I just got off the phone with a clever man from
California who is determined to export his devilish brand of free speech to
a highway near you. Calling himself the Freeway Blogger, he and his
followers last week began plastering homemade political signs on highway
overpasses from coast to coast on the same day that George Bush and John
Kerry squared off for their last televised debate.
For all its hype, the presidential debate produced few, if any, memorable
phrases, although each candidate spewed thousands of words.
On the other hand, the Freeway Blogger and friends deployed only a few
words, which they used to great advantage - almost always at the expense of
A makeshift sign in Cleveland, for example, used numbers to make its point -
"KIA: 1,076; WMD: 0." One in Pflugerville, Texas, used only two white
directional arrows. The one pointing right was labeled Bush; the one
pointing left said Truth.
No matter how you vote on Election Day, you have to give these folks (whose
signs are posted at freewayblogger.com) some credit for cleverness. The
Freeway Blogger, however, thinks of himself more as Patrick Henry than Henny
"Freeway blogging is an extension of free speech," he said. "You don't have
to own a television station to get your views out there. Just put up a
Yes, FB, but can't Americans do that with old-fashioned e-mail and
"But your message gets ghetto-ized or marginalized," he responded.
"Thousands can see your sign on the highway."
Indeed, mass exposure drew Caroline, an Essex County art teacher, to freeway
blogging. You can see her 2-by-4-foot, cardboard handiwork on westbound
Route 280 at the West Orange-Montclair exit: "Bush boozed while Kerry bled."
||"I like having a
captive audience share my ideas while they're stuck in traffic," she
said. "I might change a few minds, but even if I don't, it makes me
A steady visitor to Web blogs, Caroline was inspired when she saw
this online replica of the Freeway Blogger's work: "When Clinton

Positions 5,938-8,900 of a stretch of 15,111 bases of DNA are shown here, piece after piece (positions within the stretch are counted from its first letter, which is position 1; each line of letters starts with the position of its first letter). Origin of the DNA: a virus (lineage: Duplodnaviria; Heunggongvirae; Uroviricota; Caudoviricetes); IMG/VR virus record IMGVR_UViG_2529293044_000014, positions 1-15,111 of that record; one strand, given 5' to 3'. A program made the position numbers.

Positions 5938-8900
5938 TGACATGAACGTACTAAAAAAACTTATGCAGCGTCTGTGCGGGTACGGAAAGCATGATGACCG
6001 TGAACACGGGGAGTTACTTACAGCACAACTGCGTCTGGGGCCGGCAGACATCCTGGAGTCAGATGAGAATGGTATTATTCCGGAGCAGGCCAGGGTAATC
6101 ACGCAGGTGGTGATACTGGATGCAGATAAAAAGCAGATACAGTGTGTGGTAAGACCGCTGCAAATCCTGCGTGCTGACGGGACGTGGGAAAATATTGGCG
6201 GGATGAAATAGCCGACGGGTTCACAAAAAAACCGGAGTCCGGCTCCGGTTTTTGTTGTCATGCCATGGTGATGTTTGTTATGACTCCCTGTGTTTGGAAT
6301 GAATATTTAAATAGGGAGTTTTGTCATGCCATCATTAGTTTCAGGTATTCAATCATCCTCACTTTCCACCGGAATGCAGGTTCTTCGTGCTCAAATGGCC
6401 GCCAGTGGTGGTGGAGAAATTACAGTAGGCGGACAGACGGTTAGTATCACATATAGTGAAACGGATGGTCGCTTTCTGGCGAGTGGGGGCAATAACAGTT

lied, nobody died."
"In a few words,
he said exactly what I was thinking," she said.
The Freeway Blogger, a liberal who runs a charity in
archconserv-ative Orange County, Calif., said he stuck that message
on the Santa Monica Freeway after the Los Angeles Times declined to
publish one of his letters. Within months, freeway blogging spread
throughout California, then to Arizona, Michigan, Minnesota and
Ohio. On Wednesday, press releases heralded an expansion nationally.
But state transportation departments have their own ideas about
"Nobody's allowed to put anything on a state highway," said New
Jersey DOT spokesman Marc Lavorgna. "It anybody does - whether
they're running for governor or dogcatcher - it can be removed."
Violators can be charged with defacing state property, although such
arrests are rare, said Lavorgna.
"But we have a tradition of civil disobedience in this country,"
said Severn Williams, an organizer for the Freeway Blogger.
"Americans often ignore minor laws in pursuit of a greater good."
True enough, but what is the great public benefit in extending free
speech to makeshift signs on highways? Are clever sayings on
bedsheets tacked to overpasses the only remaining, cheap mass medium
Hardly. Most Americans would rather see unclever highway signs that
clearly guide us toward the right exit ramp than clever signs that
try to shove us either to the political left or right.
Listen, FB, if you must use public highways to drive home your
political agenda, paint a big clever message on your pickup truck
and take it as far as your imagination, good sense and the
constitution allow. Most of the rest of us would sooner concentrate
on our driving.